Originally known as the Boulder Dam, the Hoover Dam sits in the Black Canyon of the Colorado River, which runs equally in Arizona and Nevada. The name was changed to Hoover Dam in 1947 to honor President Herbert Hoover. The hydroelectric installation, operated by the U.S Bureau of Reclamation, serves as a dam and a power plant that generates water and electricity for surrounding areas of the western United States using hydroelectric power including portions of large cities such as Los Angeles, California, part of Arizona and Las Vegas, Nevada.
Lake Mead, the reservoir formed by the Hoover Dam, is located in the states of Nevada and Arizona and is the largest reservoir in the United States in terms of water capacity. The Boulder Dam was once the world’s largest structure of its kind. While it no longer holds that title, it is still one of the largest hydroelectric plants in the United States and remains a revered tourist attraction.
When Was The Hoover Dam Built?
Construction on the dam began in 1931; Boulder City, Nevada was constructed specifically to house people working on the project. Along with the vast attraction comes speculation and rumors. When the Boulder Dam project began in the early 1930’s, during the Great Depression, it can only be assumed that building Hoover Dam was handled differently than it would have been today. There was more leniency on transportation methods and safety precautions around the construction site. Suffice to say, there was a little less caution used during the dam’s construction in the 1930s.
Unfortunately, there is no question of whether there were deaths during the construction project. There were. The dam makes a point to honor those who died for the cause. There is even a plaque denoting a special case of a father and son who both died to the construction of the dam on the same date, but many years apart. They were, coincidentally the first and last men to die at the tourist attraction.
When Was The First Recorded Death at the Hoover Dam?
The first recorded death was that of surveyor J.G. Tierney, who drowned before the construction project began. He fell while trying to choose the perfect spot for the dam. Patrick Tierney, the son of J.G. Tierney, was an electrician’s helper. He died on the same day, thirteen years later after falling off of one of the intake towers on the Arizona side of the Black Canyon.
Throughout the project, the biggest danger was falling—whether it be tools or people. “High scalers” were hired to scale the canyon walls and remove any loose rock along the canyon walls prior to the construction of the dam. At the time the highest risk were the dam’s concrete blocks and tools used in construction, including crowbars and jackhammers, falling and causing head injuries or worse, falls. The workers started fashioning hard hats for themselves out of cloth and dried tar. Due to the high number of falls and deaths, hard hats were made a requirement at the site in 1931 by Six Companies, Inc. This was the first time hard hats were required on a construction site. Everyone was required to wear a hard hat. While this reduced the number of deaths from falling objects, there were still fatalities.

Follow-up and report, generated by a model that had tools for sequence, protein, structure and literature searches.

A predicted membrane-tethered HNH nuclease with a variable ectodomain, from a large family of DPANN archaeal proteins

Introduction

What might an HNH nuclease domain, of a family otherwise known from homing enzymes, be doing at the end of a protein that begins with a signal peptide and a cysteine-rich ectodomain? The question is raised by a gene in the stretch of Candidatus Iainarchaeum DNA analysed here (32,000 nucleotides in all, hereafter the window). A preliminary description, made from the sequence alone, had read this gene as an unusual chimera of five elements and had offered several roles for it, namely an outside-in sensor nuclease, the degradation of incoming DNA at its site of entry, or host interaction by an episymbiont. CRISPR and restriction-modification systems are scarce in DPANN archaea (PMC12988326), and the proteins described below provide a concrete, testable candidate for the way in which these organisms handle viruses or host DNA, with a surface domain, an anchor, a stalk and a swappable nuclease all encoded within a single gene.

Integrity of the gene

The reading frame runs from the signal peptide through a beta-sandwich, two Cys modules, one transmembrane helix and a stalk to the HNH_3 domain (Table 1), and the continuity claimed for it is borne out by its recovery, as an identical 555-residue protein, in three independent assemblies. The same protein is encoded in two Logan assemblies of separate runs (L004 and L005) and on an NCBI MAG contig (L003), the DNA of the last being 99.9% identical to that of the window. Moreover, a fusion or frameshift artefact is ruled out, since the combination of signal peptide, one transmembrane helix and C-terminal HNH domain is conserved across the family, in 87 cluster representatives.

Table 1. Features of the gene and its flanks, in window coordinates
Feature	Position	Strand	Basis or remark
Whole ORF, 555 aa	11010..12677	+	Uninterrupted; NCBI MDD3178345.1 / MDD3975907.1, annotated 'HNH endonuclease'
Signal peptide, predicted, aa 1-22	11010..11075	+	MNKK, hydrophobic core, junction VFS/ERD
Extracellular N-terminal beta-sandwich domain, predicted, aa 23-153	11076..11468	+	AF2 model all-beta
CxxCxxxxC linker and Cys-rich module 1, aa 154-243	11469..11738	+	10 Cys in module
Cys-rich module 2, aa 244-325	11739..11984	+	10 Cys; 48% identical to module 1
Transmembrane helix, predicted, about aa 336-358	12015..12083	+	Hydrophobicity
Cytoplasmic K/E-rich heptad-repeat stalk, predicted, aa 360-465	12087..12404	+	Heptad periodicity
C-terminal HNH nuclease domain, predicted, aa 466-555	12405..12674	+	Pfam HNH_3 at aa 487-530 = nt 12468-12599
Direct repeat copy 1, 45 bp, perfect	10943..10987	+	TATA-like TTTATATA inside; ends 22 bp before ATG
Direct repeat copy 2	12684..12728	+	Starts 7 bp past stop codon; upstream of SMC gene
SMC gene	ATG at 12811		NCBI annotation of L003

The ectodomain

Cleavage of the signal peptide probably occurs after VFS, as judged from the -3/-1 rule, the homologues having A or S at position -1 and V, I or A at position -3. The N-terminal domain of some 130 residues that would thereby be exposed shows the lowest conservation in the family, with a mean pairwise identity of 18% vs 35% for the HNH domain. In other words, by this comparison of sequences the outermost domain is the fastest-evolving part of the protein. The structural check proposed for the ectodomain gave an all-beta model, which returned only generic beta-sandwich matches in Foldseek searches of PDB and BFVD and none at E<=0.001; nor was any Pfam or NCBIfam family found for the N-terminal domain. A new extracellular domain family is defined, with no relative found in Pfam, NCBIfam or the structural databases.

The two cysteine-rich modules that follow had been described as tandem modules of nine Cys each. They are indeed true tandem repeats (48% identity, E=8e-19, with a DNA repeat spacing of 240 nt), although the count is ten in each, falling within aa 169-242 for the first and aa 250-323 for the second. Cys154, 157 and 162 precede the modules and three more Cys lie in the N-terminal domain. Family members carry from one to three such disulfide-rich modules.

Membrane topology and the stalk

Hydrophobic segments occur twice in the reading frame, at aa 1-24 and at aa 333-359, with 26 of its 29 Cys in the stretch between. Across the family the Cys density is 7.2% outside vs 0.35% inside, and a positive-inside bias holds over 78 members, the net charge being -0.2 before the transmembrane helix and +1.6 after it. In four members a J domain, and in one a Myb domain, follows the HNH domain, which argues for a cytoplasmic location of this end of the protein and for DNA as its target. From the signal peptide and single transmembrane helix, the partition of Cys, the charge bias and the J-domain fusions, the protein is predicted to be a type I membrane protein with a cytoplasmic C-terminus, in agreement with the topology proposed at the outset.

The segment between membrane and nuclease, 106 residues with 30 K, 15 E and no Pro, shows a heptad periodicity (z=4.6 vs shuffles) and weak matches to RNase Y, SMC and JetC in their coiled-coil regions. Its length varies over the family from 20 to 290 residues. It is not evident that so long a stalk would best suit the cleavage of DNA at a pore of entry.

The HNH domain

The alarming number of lives lost spur the assumption that there are bodies buried in the Hoover Dam. Of the 5,251 workers on the project, the number of fatalities clocks in at around 96 for industrial fatalities at the dam site. Not included are those who suffered alleged pneumonia (some reports claim the cause of death for these men to actually be carbon monoxide poison) and heatstroke.
While many people died at the dam site, nobody is buried there. Even if someone managed to get caught in the dam’s wet concrete as it was setting, which was rare, the bodies were removed as swiftly as possible. The stability of the dam was taken into consideration from start to finish during the construction of the Hoover Dam. Per the Bureau of Reclamation, there are 4,360,000 cubic yards of concrete in the dam.
The alarming number of lives lost spur the assumption that there are bodies buried in the Hoover Dam. Of the 5,251 workers on the project the number of fatalities clocks in at around 96- for industrial fatalities at the dam site. Not included are those who suffered alleged pneumonia (some reports claim the cause of death for these men to actually be carbon monoxide poison) and heatstroke.
While many people died at the dam site, nobody is buried there. All bodies were removed up death. Even if someone managed to get caught in the dam’s concrete as it was setting, which was rare, the bodies were removed as swiftly as possible. The stability of the dam was taken into consideration from start to finish during the construction of the Hoover Dam.
Given its size and responsibility, it was crucial that it be as near indestructible as possible. This included finding virgin rock containing zero cracks as well as removing all bodies. Since the dam is made of material that will not decay and human bodies are degradable, they pose an architectural threat. Over time, air pockets and eventual weak spots and cracks in the Hoover Dam would form because of the bodies. Needless to say, we can’t have that!
So, now you know! Nobody is buried at or under the Hoover Dam site. Feel free to enjoy the magnificent site so many people worked hard to create and then take that trip to Vegas, baby!
Editor’ note: This article was originally published on July 29, 2019.